Swiss farming policy needs to be revised to protect biodiversity in the Alps, researchers warn in a study published on Tuesday.
If land use and agricultural subsidies are not reconsidered, a large number of alpine plant and animal species will continue to decline and eventually disappear, they say.
Since the mid-1990s, Swiss agricultural policy has turned away from market intervention, and guaranteed prices and markets for farmers to so-called direct payments.
These payments are intended to compensate public services - ensuring food supply, maintaining the landscape and preserving social structures, for example, as well as ecological services such as preserving habitats for animals and plants.
But the authors of the study on the alpine agricultural and forestry economies say that the ecological payments are missing their mark and being spent in the wrong place.
"Some farmers in non-alpine areas are subsidised for work they would have done anyway and which is sometimes harmful to the environment," said Markus Fischer, one of the authors.
Direct payments – the best tool for stemming biodiversity loss in the Alps, according to Fischer – should be targeted more carefully and stricter criteria for the distribution of funds demanded.
The researchers suggest reforms of the payment system, such as its regionalisation as well as subsidies for farmers who raise rare breeds of animals or who maintain meadows with low yields.
Other possibilities include service agreements for general activities that ensure the preservation of biodiversity. Any other approach the study says, such as maintaining the status quo or abandoning mountain farming, would have only negative effects.
The suggestion to increase the efficiency of direct payments to stem biodiversity loss is hardly wishful thinking, according to the researchers. They point out that Switzerland's national legislation, constitution and international treaties ratified in the past demand better protection of biodiversity.
"The higher the biodiversity, the more services we can derive from a landscape," Fischer told swissinfo. "That can be protection against erosion, protection against natural hazards or cleaner water for example."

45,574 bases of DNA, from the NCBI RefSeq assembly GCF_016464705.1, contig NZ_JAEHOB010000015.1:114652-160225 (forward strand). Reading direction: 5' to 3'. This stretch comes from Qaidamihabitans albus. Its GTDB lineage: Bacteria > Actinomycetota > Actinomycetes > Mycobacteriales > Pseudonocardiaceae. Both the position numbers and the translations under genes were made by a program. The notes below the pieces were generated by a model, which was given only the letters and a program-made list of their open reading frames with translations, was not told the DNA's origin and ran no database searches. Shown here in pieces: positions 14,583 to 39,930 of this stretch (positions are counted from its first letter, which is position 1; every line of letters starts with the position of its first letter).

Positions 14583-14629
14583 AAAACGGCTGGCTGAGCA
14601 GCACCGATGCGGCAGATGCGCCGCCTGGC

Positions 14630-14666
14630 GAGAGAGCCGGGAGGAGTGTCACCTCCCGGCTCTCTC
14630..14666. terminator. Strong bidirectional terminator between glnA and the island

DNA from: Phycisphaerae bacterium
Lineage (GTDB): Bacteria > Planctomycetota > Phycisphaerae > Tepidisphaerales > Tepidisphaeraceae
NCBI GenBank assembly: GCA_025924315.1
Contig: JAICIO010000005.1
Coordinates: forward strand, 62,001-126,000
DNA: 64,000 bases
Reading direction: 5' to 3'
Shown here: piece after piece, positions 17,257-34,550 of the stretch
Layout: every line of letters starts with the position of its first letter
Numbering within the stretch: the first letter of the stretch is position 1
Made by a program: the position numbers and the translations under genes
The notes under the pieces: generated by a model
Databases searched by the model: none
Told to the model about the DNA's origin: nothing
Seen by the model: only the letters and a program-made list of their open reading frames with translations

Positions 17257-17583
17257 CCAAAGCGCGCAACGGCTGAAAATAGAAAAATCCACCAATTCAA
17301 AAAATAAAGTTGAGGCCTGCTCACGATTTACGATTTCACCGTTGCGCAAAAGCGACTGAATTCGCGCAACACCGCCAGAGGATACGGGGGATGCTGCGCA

Since the 1950s, the construction of dams, tourism and the rationalisation of agriculture are some of the factors that have contributed to major changes in the alpine landscape.
"Human activities, mainly agriculture, influence biodiversity," added Fischer. "Farming is now either intensified, which leaves only the dominant species, or land use is abandoned, also modifying the types of species living in an area."
Forest surface has been on the rise, for example, taking over areas once used by farmers, but abandoned because of low yields. This means that some species that benefited from agriculture are now vanishing.
"We are seeing a homogenisation of the landscape and in every habitat there is a deterioration of the number of species," said Fischer.
The researchers say that targeted payments will help foster entrepreneurial spirit in the agricultural community and protect the beauty of the Alps. But they certainly aren't suggesting that farmers step back in time and provide Heidi-like backdrops for the Swiss tourism industry.
"We aren't talking about transforming the Alps into a museum," Fischer told swissinfo. "We are referring to a dynamic ecosystem where evolution takes place, where biological interactions happen."
swissinfo, Scott Capper
Biodiversity, or biological diversity, is the term for the variety of life and the natural processes of which living things are a part.
This includes :
- genetic diversity - diversity of genes within a species. There is a genetic variability among the populations and the individuals of the same species.
- species diversity - diversity among species in an ecosystem. The Alps are considered a "hotspot" of species diversity.
- ecosystem diversity - diversity at a higher level of organization, the ecosystem.
The system of direct payments was introduced in 1993.
They represent compensation for services provided by farmers and their contribution towards preserving the environment.
Farmers receive these payments only if they meet certain requirements. Key elements include rational use of fertilisers, crop rotation, soil protection, economic and specific use of plant treatment products and animal welfare measures.
General direct payments are compensation for the basic tasks, as set out in the constitution, of ensuring food supplies, maintaining the landscape and helping to preserve social structures in rural areas.
Particular services are remunerated separately through ecological direct payments. Participation in this programme is optional.
Among other things, the farmer receives additional payment for extensive meadowland, natural field margins, and rotation of fallow fields.